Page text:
Antiwarriors – Melvin Small

Melvin Small is a Distinguished Professor Emeritus at Wayne State University in Detroit, Michigan.  He received his B.A. from Dartmouth University and his M.A. and Ph.D. from the University of Michigan.  Small is a noted scholar of the Vietnam War era focusing on the antiwar movement and on Presidents Lyndon Johnson and Richard Nixon.  As a historian of U.S. diplomacy, his scholarship examines the relationships between public opinion, domestic politics and foreign policy, a subject reflected in his monographs Johnson, Nixon and the Doves, Democracy and Diplomacy, and The Presidency of Richard Nixon.

In one of his more recent studies, Antiwarriors, Small examines the antiwar movement that developed in the 1960s that protested against the Vietnam War.  This book is a work of synthesis based on the existing scholarship and, as a result, is not grounded in primary sources or archival research.  However, by combining the existing scholarship, Small examines the interaction of multiple forces during the era that are usually explored separately including how the press and presidential administrations viewed the antiwar movement and antiwar politicians; how the antiwar movement affected the policies of Presidents Lyndon Johnson and Richard Nixon; how antiwar tactics and strategies changed and developed; how the portrayal of the antiwar movement by the press affected popular perceptions; and how the relationship between public opinion and foreign policy in a democracy (Small, xii).   Like scholars before him, Small examines the development of the antiwar movement from the late 1950s through 1960s by focusing on the Civil Rights Movement, Student Nonviolent Coordinating Committee (SNCC), Women’s movements, workers rights movements, and the Free Speech Movement, and shows how these unique and individual movements came together in the mid 1960s to protest the actions of the United States government in Vietnam giving them the label antiwarriors.  However, by placing the numerous antiwar groups under single moniker, Small creates some problems that he fails to address.

First of all, Small never defines or actually states who is an antiwarrior or why certain groups are considered antiwarriors.  Even if the term is amorphous, Small should state why certain groups were antiwarriors and why others were not.  This is especially important when small discusses, and very briefly at that, the extreme elements of the antiwar movement – the hippies, the yippies, and the Weathermen.  While small does seem to include them in his discussion, he is often dismissive and critical of their actions and fails to show how these groups emerged from the early stages of the protest movement.  Instead, Small finds these groups to be distractive as they created a negative image of the antiwar movement and drew the press’ attention away from the thousands of regular Americans protesting the war and, while this is true, this is the reason they need to be incorporated into his study.  They were the focus of the media and the government.  By marginalizing these groups’ actions and treating them as an isolated group rather than a part of the antiwar movement, Small ignores the recent scholarship by Jeremy Varon and Jeremi Suri that shows that these groups were attached and developed out the same movements as the more mainstream antiwar groups.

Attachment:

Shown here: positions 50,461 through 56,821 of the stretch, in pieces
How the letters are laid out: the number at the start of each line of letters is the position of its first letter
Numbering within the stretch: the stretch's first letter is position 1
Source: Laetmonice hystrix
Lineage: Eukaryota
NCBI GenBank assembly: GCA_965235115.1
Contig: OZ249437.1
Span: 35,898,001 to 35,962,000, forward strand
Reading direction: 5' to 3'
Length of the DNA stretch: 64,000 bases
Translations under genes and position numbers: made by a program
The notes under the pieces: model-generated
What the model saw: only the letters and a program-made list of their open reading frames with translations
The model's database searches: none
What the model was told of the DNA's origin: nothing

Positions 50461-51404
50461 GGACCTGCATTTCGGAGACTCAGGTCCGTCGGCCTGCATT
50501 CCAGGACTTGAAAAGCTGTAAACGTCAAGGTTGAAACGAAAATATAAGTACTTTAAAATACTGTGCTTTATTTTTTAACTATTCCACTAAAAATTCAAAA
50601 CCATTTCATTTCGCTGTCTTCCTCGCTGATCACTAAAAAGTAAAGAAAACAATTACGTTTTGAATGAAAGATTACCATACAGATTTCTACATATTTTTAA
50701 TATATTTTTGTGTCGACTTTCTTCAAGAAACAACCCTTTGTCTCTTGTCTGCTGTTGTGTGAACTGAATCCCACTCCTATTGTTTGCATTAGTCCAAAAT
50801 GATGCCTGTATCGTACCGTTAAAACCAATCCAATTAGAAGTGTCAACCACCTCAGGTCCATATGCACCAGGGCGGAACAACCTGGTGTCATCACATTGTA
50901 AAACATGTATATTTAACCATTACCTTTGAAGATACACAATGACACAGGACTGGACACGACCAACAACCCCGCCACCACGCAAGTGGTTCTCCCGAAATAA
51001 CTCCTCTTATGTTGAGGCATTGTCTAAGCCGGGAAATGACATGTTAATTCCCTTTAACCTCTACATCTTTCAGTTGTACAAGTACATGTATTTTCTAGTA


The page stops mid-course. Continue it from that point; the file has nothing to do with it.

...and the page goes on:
Another problem with Small’s narrative is his failure to describe how these amorphous antiwar groups communicated and worked together.  These groups were scattered across the country and of differing sizes but Small never addresses how they came into contact with each other, how they worked together, how they planned and organized events?  This is especially evident when he describes the antiwarriors as “less cohesive and more fragmented than it had ever been before” (Small, 119) but then six pages later describes these fragmented groups as “the organized antiwar movement” (page, 125).  This inconsistency needs to be addressed by the author.  Are these antiwar groups an incohesive group that at times merges together and, if so, how do they communicate and work together as group?  By further discussing the interworking of the antiwar movement, Small can create a more comprehensive understanding of how the antiwarriors worked together protesting America’s involvement in Vietnam.

Ultimately, these are minor criticism as Small’s narrative an excellent work of synthesis that clearly achieves its objectives and demonstrates both Presidents Nixon and Johnson’s reaction to the antiwarriors and their strategies for dealing with the antiwarriors whose movement stymied many of their Vietnam policies.  Furthermore, he shows that while the antiwarriors did not end the war, they were able to prevent the war’s escalation at two critical moments in March 1968 and October 1969.  The first following the Tet Offensive, when General Westmoreland asked for more soldiers, caused the antiwar movement to unite and prevent Johnson from intensifying the war.  The second came in 1969 when President Nixon scrapped Operation Duck Hook following the successful Moratorium demonstration in October 1969.  This nationwide movement that involved millions of Americans showed that a significant portion of the American population disagreed with the government’s policies in the war.  These specific examples and the actions taken by the antiwarriors to frustrate the executive branch described by Small reveal the power these groups held during the Vietnam War.

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